A Need for Change: My Decision to Walk
When I was a young adult, I followed the crowd.
I did what everyone else was doing. What everyone was “supposed” to do.
After high school, I attended college, got a degree, and landed a job immediately after graduating. Quickly working my way up the ladder, I became manager & mine geologist within a year. By the time I realized how much I disliked my life, I owned a house full of things I didn’t need and had some very bad habits.
I knew I needed change, but the concept seemed so daunting and open-ended. I certainly didn’t know how to take the first step, and the thought of interrupting the life I had built for myself terrified me.
Months passed as I halfheartedly applied for other jobs, researched grad schools, and daydreamed of alternative universes. When I was sad, I spent money. When I felt lonely, I went to the bar. When people reached out to me, I isolated myself.
Until I reached a breaking point.
I didn’t know much for certain, but I did know that being outside help me combat the feeling of being unhappy. There was something… a seed planted in the far corners of my mind many years ago by a friend. She hiked the trail after high school.
My first step was reaching out to her.
With kind encouragement from this friend and two others, I entertained the idea of spending a significant amount of time in the woods as means to change my life’s rhythm. Then, I finally made the decision: I would hike the Appalachian Trial.
I hadn’t backpacked before.
I didn’t have gear.
I was not in good shape.
But I needed a change.
And I was desperate.
My decision took form when I started telling family and friends about my big plan. I received mixed reactions, extreme in both ends. As a confused young person I did what most would do: I distracted myself. Gear research and creating an overly-detailed itinerary helped alleviate the resounding “what ifs” that ran rampant in my brain.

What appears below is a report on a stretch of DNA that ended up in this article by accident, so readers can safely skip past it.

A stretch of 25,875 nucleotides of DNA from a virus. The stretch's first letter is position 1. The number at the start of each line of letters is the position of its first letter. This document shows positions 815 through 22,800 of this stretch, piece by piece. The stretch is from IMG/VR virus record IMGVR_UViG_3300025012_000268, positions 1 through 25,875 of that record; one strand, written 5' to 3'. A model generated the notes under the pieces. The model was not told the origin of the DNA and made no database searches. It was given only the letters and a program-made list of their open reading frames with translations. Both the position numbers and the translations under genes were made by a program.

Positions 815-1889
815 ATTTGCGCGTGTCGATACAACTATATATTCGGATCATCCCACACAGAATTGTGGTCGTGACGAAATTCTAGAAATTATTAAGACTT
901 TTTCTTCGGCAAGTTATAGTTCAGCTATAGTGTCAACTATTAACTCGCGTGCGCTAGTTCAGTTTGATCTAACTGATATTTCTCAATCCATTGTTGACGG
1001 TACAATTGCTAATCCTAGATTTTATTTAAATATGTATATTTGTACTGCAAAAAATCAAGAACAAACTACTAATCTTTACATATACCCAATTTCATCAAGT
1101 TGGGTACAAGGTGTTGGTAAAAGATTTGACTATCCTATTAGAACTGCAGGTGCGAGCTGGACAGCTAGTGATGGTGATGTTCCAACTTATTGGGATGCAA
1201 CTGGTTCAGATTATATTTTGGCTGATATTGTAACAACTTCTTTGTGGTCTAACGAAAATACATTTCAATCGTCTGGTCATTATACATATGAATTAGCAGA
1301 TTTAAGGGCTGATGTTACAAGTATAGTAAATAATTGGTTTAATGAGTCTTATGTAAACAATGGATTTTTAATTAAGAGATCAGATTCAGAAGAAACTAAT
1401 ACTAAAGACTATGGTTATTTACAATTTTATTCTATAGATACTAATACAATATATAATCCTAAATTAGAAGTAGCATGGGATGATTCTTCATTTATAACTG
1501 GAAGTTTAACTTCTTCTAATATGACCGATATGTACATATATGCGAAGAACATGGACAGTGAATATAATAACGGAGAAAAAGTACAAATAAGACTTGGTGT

The decision became real when I hosted a yard sale – partially to raise more money for my trip and partially to break ties with my material possession. I watched in despair as my new drapes sold for $3 each, and I was left in shock when I had to take the majority of the sale items to a church thrift store because no one wanted to buy my shit.
Then came the actual leaving.
I left my partner, my job, my house.
I moved in with my parents for a week…
and then I left them as well.
I didn’t enjoy any of that…
But my act of desperation proceeded.
I left so many things that when packed for my trek, there wasn’t a lot I didn’t take along. My tent and hammock made the cut (because apparently spending time on the Appalachian Trail meant spending time relaxing between trees rather than hiking all day). Whats more, I stayed true to the saying “you pack your fears,” by bringing more than 10 days’ worth of food for my first stint in the woods.
I managed to somehow fit 60 pounds of stuff into a 38 liter pack – needless to say I was clueless.
But if I kept quiet, held my head down, and acted like I knew what I was doing, maybe no one would notice I didn’t fit in.
I got no sleep the night before I departed. My intention was to arrive at approach trail, walk forward, and not look back. My parents dropped me off early right as the visitor center opened. I shamefully lied through my teeth as I signed the register, writing that my pack weighed only~40 pounds.
To appease my parents, I posed by the arch – fake smile, eyeliner, and brand-new REI clothes layered on, I carried much more weight than what was in my pack.
I heaved ascending the infamous stairs (that I did not realize were part of the approach trail), barely hiking 3 miles before vomiting and setting up my tent. It was 1:00 pm when I stopped.
Oh, the shame I felt that day.
But it was okay!
Sleeping off the anxiety I needed to shed, I woke up to early evening thunderstorms and made a plan on how I would keep going. I slept again and woke up the next morning to the most beautiful sunrise.
Mindfully, I took a breath. For the first time in a long time,
I felt like I was living again.
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